Two years after the #MeToo movement heightened awareness of gender-based injustice, African Women on Board (AWB), a new campaign group, has argued that women in the continent are still being left behind. 


Consequently, AWB will be teaming up with some of the most powerful leaders in business and government across Africa and the diaspora – both female and male – to advocate awareness in schools, companies and governments.

This was announced at a media briefing held by the group on Wednesday at Victoria Island, Lagos.

The campaign group, which began in 2017, is set to be launched on September 26, during the UN General Assembly week in New York.


The speakers include Jewel Howard-Taylor, Liberia’s vice-president; Oscar Onyema, the chief executive officer (CEO) of the Nigerian Stock Exchange (NSE); and Aisha Oyebode, co-founder of the “Bring Back Our Girls” campaign.

Nkiru Balonwu, chair of the AWB, said the campaign would see to it that opportunities available to women in accordance with economic, political, and social rights would take a broader scope.

“AWB was started in 2017 as a network of women working together to advance the economic, political and social rights of African women. We looked at solutions to getting women into Senior management, C-suite and board positions,” she said.


“We recognised from experience and data-backed findings that teams are strengthened and more solution-oriented when women are at the table and are given decision-making responsibilities.

“We wanted to expand these opportunities for African women. And when we say African, we mean all women of African heritage including those in the diaspora because we believe in the collective power of Black women around the world to lift Africa.

“Our focus at AWB is to advance narratives and improve realities for African women and girls because how we are perceived as African women affects how the world interacts with us. It affects our access to resources such as education, healthcare, and financing for businesses.

“Women around the world are having a “moment” in history where their stories and experiences are being brought to the global consciousness. Unfortunately, the unique perspectives and narratives of African women have been left out of this conversation almost entirely.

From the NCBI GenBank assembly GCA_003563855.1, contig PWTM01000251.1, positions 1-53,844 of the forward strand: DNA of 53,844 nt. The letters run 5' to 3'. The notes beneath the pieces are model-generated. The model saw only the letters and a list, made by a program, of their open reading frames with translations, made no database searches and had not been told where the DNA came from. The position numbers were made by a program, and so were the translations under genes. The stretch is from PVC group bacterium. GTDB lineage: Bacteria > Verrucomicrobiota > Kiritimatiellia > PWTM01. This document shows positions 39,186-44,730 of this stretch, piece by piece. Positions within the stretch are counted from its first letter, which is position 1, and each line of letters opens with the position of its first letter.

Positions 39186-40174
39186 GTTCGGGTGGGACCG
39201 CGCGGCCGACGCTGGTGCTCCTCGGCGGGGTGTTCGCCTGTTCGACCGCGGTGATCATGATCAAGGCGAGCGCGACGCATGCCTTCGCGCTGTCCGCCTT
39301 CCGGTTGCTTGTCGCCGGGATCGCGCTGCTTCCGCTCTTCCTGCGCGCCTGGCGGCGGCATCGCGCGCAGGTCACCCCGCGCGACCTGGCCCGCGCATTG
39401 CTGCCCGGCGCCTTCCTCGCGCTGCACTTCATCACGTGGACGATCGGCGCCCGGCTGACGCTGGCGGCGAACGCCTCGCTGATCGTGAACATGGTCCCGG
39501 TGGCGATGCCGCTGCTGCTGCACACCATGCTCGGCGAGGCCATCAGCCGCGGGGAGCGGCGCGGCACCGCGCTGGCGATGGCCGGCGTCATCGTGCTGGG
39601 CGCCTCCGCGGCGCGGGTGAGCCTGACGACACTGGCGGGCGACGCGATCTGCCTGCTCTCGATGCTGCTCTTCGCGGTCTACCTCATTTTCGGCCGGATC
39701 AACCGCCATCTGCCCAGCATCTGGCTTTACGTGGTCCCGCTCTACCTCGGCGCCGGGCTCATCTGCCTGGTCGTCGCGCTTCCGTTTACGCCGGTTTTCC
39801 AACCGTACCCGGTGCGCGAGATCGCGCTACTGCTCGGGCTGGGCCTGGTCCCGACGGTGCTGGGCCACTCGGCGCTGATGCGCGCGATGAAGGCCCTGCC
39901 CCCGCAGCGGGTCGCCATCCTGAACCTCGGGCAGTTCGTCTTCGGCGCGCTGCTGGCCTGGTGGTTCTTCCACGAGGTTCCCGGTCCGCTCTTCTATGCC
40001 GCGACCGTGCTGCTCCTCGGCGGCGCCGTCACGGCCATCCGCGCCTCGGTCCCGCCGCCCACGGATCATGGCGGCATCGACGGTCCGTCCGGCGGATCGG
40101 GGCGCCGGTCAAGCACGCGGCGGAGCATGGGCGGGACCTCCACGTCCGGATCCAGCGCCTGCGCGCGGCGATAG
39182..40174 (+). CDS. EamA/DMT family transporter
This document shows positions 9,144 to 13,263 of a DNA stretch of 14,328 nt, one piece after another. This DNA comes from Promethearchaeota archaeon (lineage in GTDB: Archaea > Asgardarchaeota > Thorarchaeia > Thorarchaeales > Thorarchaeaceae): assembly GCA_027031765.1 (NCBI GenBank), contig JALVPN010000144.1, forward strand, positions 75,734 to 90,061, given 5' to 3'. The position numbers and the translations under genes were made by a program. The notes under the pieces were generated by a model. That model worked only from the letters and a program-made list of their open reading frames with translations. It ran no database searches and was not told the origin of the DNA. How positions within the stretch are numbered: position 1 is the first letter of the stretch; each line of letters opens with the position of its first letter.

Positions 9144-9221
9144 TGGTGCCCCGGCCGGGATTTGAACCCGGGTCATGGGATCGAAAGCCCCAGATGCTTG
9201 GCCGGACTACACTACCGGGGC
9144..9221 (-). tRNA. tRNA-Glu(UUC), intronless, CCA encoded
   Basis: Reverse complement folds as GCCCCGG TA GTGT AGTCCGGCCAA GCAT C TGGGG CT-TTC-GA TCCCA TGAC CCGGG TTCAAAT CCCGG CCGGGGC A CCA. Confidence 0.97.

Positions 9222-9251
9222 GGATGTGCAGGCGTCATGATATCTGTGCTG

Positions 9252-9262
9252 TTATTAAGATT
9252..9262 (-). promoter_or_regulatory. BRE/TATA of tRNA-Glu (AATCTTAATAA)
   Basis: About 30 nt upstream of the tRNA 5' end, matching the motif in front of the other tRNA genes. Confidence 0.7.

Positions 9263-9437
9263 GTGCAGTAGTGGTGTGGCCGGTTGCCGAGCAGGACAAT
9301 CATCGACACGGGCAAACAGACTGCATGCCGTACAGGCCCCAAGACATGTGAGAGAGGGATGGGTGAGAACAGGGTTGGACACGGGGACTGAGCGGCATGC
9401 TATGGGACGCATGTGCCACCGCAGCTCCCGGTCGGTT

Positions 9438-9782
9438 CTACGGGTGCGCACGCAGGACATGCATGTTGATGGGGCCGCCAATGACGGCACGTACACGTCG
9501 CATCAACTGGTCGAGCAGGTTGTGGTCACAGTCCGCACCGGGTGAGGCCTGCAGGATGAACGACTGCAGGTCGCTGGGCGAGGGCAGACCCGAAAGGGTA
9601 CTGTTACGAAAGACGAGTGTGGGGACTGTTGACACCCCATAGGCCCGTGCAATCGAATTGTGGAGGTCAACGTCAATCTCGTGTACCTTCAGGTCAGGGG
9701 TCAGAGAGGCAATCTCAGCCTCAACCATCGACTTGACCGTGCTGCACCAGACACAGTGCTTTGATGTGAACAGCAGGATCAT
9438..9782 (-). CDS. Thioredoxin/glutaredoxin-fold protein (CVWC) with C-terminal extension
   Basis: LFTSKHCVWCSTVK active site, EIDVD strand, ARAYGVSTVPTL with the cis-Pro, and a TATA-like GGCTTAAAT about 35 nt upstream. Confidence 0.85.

“Iit is time for African women to be included in these conversations and have a say in the development and growth of the continent. Through our key focus areas and initiatives, we are serving as a conduit for skill and knowledge acquisition for African women and girls”

On her part, Chioma Agomo, a trustee member of the AWB, said the new-found movement would witness the recruitment of allies from both sexes and all backgrounds in a bid to advance the narratives and better the realities of African women and girls.

“The game-changing principle with AWB is its emphasis on recruiting allies from all backgrounds, females and males, in their work to advance narratives and improve realities for African women and girls,” she said.

“The creation of opportunities for women directly correlates with heightened potentials for growth for everyone around them. Data consistently shows that investment put in the hands of women lifts up their surrounding communities


“The importance of engaging male allies in this larger effort for equality cannot be understated. The role that our lawmakers, largely male, play in challenging, creating or reproducing our current state of gender relations is critical in controlling the performance of our nation and the continent as a whole.”

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